Of fad diets that have stood the test of time, the cabbage-soup diet is among those hanging in there the longest — since the 1950s, according to diet.com, a comprehensive site devoted to healthy weight loss, exercise and light cooking.
The name of the diet has changed over the years, but the instructions stay the same.
The idea is simply, for one week, to keep yourself full of a very low-calorie, high-fiber mixed-vegetable soup made with cabbage, while eating certain combinations of other food groups on each of the seven days. Recipes for the cabbage soup vary, but none contains added fat or starch.
Each day of the diet, certain other foods may be consumed: usually any low-calorie fruits and/or vegetables you like and, on some days, large quantities of potassium-rich foods or protein.
The high-fiber intake paired with a high-moisture intake and the diuretic properties of cabbage are said to affect the kidneys and digestive system, scouring the body of solid and liquid waste.
The diet appears to work more as a cleanser that incidentally rids your body of some weight and lots of water, and not as a long-term plan for weight control.
As a weight-control system, it fails miserably. Critics of the diet, including the American Heart Association and other medical institutions with which it has been erroneously linked, claim it is so low-calorie and restrictive of nutrients that it is unhealthy. It is practiced for a limited time and includes no directions for lifestyle or healthy eating changes. Most of the weight lost is water and comes back when the plan ends.
On the upside, unlike in most cleansing fasts, most food groups are represented over the course of the one-week plan, even carbs. Only fat is kept consistently very low.
A potato with butter contributes starch and a little fat on day two, while up to eight bananas and eight glasses of skim milk reintroduce protein and lots of carbs on day four. On days five and six, you can eat more than a pound of meat, as long as its lean.
Only day three is extremely restrictive concerning both carbs and protein. Who could say that eating only big bowls of soup with high-antioxidant leafy greens, tomatoes and carrots for one day is a bad thing?
There are drawbacks, however. One negative point of the diet is the low amount of protein allowed during the first three days. Approach this with the same sense you would use if looking at a juice fast or other cleanse that limits protein for a substantial time.
Cabbage is a strong natural diuretic, which is fine to a point, but too much water elimination can remove enough potassium from your body to cause a deficiency -- hence the gorge on high-potassium bananas on day four and tomatoes on day five.
Other vitamins and minerals also are flushed away with water, but the constant intake of a variety of fruits and vegetables combats this.
The original recipe for the cabbage soup contains one or two packages of onion-soup mix, which is high in sodium. If this adds too much sodium or MSG for your taste, cut it out and season the soup with your own mix of salt and seasoning.
The Cabbage Soup diet
Drink at least eight cups of water each day. Each day, eat as much cabbage soup as you wish, always at least one to two bowls. Use one of the recipes provided or make up your own, with some variety of cabbage and a selection of fresh, nonstarchy vegetables, fat-free stock and herbs and seasonings of your choice.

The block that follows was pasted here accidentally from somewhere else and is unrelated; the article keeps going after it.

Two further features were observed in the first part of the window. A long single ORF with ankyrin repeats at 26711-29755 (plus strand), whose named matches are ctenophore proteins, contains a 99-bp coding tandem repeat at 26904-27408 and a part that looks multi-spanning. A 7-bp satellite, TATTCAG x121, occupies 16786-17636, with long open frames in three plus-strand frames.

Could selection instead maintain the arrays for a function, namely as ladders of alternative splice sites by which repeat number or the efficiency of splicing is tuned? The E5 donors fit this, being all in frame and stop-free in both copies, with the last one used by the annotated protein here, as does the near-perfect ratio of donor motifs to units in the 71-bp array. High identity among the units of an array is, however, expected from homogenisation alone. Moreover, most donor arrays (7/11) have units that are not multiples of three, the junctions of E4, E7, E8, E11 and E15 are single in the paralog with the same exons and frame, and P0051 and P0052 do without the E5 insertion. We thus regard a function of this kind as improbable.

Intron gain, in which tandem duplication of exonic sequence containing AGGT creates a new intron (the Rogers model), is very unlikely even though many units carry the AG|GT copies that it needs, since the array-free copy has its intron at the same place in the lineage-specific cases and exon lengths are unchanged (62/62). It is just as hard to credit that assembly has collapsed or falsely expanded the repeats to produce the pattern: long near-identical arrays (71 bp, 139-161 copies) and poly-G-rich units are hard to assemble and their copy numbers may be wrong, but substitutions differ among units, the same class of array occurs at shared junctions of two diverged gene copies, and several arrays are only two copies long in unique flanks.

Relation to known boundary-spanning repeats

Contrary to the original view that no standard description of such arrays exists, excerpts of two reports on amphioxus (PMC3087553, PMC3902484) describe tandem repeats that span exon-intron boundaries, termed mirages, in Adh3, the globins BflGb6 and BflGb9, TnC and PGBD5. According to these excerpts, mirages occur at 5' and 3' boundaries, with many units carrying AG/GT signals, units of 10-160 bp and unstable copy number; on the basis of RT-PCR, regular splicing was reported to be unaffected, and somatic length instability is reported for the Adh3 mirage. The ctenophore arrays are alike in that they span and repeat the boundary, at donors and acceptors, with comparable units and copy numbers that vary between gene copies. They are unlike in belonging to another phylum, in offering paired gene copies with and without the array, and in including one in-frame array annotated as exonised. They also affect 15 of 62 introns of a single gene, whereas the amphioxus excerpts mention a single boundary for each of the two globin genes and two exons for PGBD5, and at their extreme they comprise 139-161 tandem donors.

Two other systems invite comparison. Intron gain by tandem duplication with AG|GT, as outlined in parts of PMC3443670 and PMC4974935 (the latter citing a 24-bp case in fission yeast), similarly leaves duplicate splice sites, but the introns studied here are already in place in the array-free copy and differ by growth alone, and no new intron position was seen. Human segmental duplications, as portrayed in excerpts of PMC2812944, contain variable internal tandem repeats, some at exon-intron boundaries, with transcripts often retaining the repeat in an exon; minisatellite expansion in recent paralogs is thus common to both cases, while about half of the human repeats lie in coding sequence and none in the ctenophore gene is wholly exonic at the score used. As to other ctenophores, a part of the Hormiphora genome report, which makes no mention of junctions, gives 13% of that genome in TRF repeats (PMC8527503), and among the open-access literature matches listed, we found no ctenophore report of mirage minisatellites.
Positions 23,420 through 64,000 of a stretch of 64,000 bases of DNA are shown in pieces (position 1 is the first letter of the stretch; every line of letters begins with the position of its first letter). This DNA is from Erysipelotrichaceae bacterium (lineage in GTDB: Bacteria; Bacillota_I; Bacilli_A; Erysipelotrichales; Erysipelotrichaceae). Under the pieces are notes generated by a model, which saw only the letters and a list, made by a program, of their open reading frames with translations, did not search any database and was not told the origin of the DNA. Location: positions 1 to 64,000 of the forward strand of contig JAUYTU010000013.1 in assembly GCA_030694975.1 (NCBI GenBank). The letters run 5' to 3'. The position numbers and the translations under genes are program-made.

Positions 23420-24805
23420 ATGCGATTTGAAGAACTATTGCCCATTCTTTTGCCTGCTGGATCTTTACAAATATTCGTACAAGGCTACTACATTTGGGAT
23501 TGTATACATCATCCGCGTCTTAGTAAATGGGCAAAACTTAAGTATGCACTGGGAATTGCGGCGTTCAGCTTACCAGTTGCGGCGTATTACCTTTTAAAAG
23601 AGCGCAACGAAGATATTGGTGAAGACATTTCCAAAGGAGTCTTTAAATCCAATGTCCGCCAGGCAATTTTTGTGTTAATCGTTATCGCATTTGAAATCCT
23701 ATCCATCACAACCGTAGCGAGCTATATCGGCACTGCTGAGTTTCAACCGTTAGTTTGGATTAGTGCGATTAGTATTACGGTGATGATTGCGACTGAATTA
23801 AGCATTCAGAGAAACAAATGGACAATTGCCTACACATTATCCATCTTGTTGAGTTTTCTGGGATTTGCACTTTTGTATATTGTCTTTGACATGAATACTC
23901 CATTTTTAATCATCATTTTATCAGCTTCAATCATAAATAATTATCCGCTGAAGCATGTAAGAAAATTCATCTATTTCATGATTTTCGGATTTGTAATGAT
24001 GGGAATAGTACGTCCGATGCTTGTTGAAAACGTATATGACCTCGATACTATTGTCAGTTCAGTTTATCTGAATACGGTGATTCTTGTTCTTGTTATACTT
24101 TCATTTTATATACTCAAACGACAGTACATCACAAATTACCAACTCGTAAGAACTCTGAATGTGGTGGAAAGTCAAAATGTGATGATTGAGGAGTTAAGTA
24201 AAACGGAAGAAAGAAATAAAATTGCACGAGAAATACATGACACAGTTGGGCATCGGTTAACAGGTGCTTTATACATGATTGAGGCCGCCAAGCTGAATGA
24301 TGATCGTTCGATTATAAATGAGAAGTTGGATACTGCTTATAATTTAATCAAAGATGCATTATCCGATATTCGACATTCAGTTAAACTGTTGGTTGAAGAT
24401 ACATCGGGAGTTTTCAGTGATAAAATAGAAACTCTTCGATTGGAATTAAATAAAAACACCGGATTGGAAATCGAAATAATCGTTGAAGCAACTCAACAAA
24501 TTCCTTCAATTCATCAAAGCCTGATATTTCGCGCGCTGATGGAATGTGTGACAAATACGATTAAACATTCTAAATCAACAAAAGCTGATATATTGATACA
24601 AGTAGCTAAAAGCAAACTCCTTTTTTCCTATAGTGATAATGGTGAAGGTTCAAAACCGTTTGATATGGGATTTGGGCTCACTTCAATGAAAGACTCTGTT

Below are listed the other foods you may have on each day of the diet. This diet is to be practiced for one week only, as a cleanse, and is not a long-term solution to weight loss.
Day 1: You may eat any fresh fruits except bananas.
Day 2: You may eat as many low-calorie vegetables as you like, raw or cooked, plus one baked potato with a little butter. Do not eat starchy vegetables such as dry beans or grain or corn. No salad dressing or dip other than a squirt of lemon juice and a sprinkle of salt and seasonings of your choice.
Day 3: Any fresh fruits and vegetables, but no potatoes, starchy vegetables such as dry beans, grain, corn or bananas.
Day 4: You may eat as many as eight bananas (eat at least three) and drink as many as eight glasses of skim milk, but no other vegetables or fruit except the soup.
Day 5: Enjoy up to 20 ounces of lean meat such as lean beef or uncured pork, skinless chicken or seafood. You can have up to six raw tomatoes.
Day 6: You may eat as much lean protein as you like, as listed above, and any low-calorie vegetables raw or cooked. No starchy veggies or bananas.
Day 7: Enjoy up to two cups of cooked brown rice, any low-calorie vegetables, raw or cooked, and unsweetened fruit juice.
This recipe make a big pot, enough for one person to eat all week
- 1 head cabbage, shredded or chopped
- 2 large onions, chopped
- 16 to 28 ounces canned tomatoes, chopped
- 2 green peppers
- 4 stalks celery
- 6 carrots, sliced
- 1/2 pound green beans, sliced on diagonal
- 1 or 2 packages Lipton onion-soup mix, or any dry onion-soup mix (optional)
- Black pepper
- Any fresh herb(s) of your choice, chopped
- 1/2 cup balsamic vinegar (optional)
Put the cabbage, onions, tomatoes, green peppers, celery, carrots and green beans in a big pot and cover with water.
Bring to a boil, stir in the soup mix (if desired) and boil gently for 10 minutes. Cover, reduce heat and simmer until all the vegetables are soft, another 5 to 10 minutes. Stir in the black pepper and chopped herbs (saving some for garnish).
This recipe serves 4
CURLY KALE AND CAULIFLOWER SOUP
- 1 teaspoon olive oil
- 4 cloves garlic, minced
- 1 quart fat-free, low-sodium chicken stock
- 2 cups cauliflower florets
- 2 cups packed sliced curly kale leaves
- 1/2 cup sliced carrots
- Salt and pepper to taste
Heat the olive oil in a soup pot and saute the garlic until just beginning to turn golden. Blot with a paper towel to remove as much of the oil as possible.
Add the remaining ingredients and simmer 20 minutes, covered, until vegetables are tender.